I am very happy that our team experienced a high level of success and safety with all climbers who embarked on the summit attempt from Everest base camp reaching the top between May 14th and May 18th. Our small private teams (Kenton Cool’s group and the team of Ant Middleton & Ed Wardle) along and our main team of climbers are back in Kathmandu and heading home, some are home already.
We also had climbers complete the Everest and Lhotse combination climb, going from the summit of Mount Everest to the summit of Mount Lhotse the next day, altogether 36 climbers and Sherpas reached the summit of Everest plus another 6 from our rope fixing team. As in previous Everest seasons there were no injuries among our climbing team. We were supported by our incredible team of Sherpas who are an integral part of our success.
This season on Mount Everest is likely the most successful ever, given the number of collective summits versus permits issued and taking into account overall accidents / fatalities. The reason for this very high level of success all around I believe is due to 2 factors, the fact that our rope fixing team opened the route earlier than in previous Everest seasons and because a period of very good weather then manifest which allowed climbers to take advantage of the open route and good mountain conditions to climb. Because our rope fixing project was on time and well communicated to teams in Everest base camp, climbers were able to plan and prepare for summit attempts in advance of the good weather that materialized May 13th onward.
Our rope fixing team had to work hard, despite unfavorable conditions in April and early May such as a very icy Lhotse Face combined with high winds, our team was still able to fix the ropes to the summit of Mount Everest by May 13th, with double lines in places to ease congestion such as on the Lhotse Face up to Camp 3, the Yellow Band, and on the Geneva Spur. The rope used was 10.5 mm static rope, a very strong and durable rope, the anchors (primarily Black Diamond 22 cm ice screws) were placed appropriately to support large numbers of climbers.
The small number of accidents / fatalities this season were unfortunate, but on average less than what we normally see on Everest. Generally there are some accidents / fatalities related to climbers getting stuck up high on Everest in bad weather or on a very crowded summit day and then running out of oxygen (I was witness to this in 2012 when 4 climbers perished up high on Everest because the rope fixing was delayed to May 18th and few good weather days were available). Because the weather window has been favorable, climbers were able to spread out summit attempts over a week long period, so that no single day was problematic from a congestion standpoint.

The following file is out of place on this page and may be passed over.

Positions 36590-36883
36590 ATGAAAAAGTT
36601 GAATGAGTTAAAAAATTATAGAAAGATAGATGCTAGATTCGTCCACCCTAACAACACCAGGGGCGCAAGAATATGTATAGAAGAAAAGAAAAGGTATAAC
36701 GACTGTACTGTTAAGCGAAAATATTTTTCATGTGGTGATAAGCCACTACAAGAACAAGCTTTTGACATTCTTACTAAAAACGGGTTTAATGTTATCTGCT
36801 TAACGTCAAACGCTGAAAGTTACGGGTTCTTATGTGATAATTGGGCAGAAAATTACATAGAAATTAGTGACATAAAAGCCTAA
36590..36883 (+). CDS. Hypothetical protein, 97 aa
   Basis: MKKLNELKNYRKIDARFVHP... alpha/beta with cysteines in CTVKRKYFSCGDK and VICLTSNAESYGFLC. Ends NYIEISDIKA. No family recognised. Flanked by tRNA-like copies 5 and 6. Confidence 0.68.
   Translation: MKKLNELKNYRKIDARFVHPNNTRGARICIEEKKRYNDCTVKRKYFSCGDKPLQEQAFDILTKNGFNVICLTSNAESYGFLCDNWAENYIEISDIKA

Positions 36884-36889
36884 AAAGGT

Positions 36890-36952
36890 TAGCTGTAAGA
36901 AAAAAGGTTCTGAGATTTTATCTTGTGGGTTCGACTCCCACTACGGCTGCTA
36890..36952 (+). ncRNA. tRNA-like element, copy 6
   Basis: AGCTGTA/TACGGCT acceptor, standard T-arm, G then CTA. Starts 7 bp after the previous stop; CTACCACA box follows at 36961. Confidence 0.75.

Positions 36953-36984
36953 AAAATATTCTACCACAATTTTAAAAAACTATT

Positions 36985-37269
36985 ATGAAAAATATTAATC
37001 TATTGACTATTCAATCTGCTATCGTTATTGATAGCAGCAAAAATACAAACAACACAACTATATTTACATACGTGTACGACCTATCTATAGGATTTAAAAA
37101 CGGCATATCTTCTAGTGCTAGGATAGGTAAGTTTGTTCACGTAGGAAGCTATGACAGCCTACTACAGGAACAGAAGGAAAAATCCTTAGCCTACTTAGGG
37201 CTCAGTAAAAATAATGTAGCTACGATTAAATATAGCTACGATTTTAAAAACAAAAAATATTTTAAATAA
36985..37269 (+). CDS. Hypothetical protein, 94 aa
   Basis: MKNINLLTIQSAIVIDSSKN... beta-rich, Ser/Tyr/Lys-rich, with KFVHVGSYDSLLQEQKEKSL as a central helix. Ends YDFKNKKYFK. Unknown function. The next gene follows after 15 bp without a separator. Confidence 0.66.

Additionally, because our rope fixing project was well planned and executed on schedule, climbers were able to take advantage of the good weather window by making plans in advance of the arrival of this stable weather period.
The rope fixing project this year was coordinated by my team, with support from Adventure Consultants and our local operator in Nepal, Himalayan Guides. Initially there was some contention from other teams that this was a good idea, as traditionally the rope fixing project was managed by the ‘old guard’ on Everest and the work shared by many teams. However, the challenge of managing members from many teams often led to some confusion regarding work days, and lost efficiency when Sherpas from different teams worked together for the first time.
Our approach, keeping the project contained within essentially one team, provided us the opportunity to utilize our most capable high altitude Sherpas to complete this difficult project in an efficient and safe manner. Myself and Guy Cotter (CEO of Adventure Consultants) both climbed Mount Everest & Mount Lhotse this season, so we were able to actually be on the mountain to oversee various aspects of the rope fixing project in person rather than manage from Everest base camp as was traditionally the case by the managing teams.
I believe this “hands on” approach by the leadership influenced the rope fixing project in a very positive manner, as is evident by the outcome. We hope this example of project management, where the end result is safer and more successful climbing on the world’s highest mountain, can be carried forward to future seasons on Mount Everest!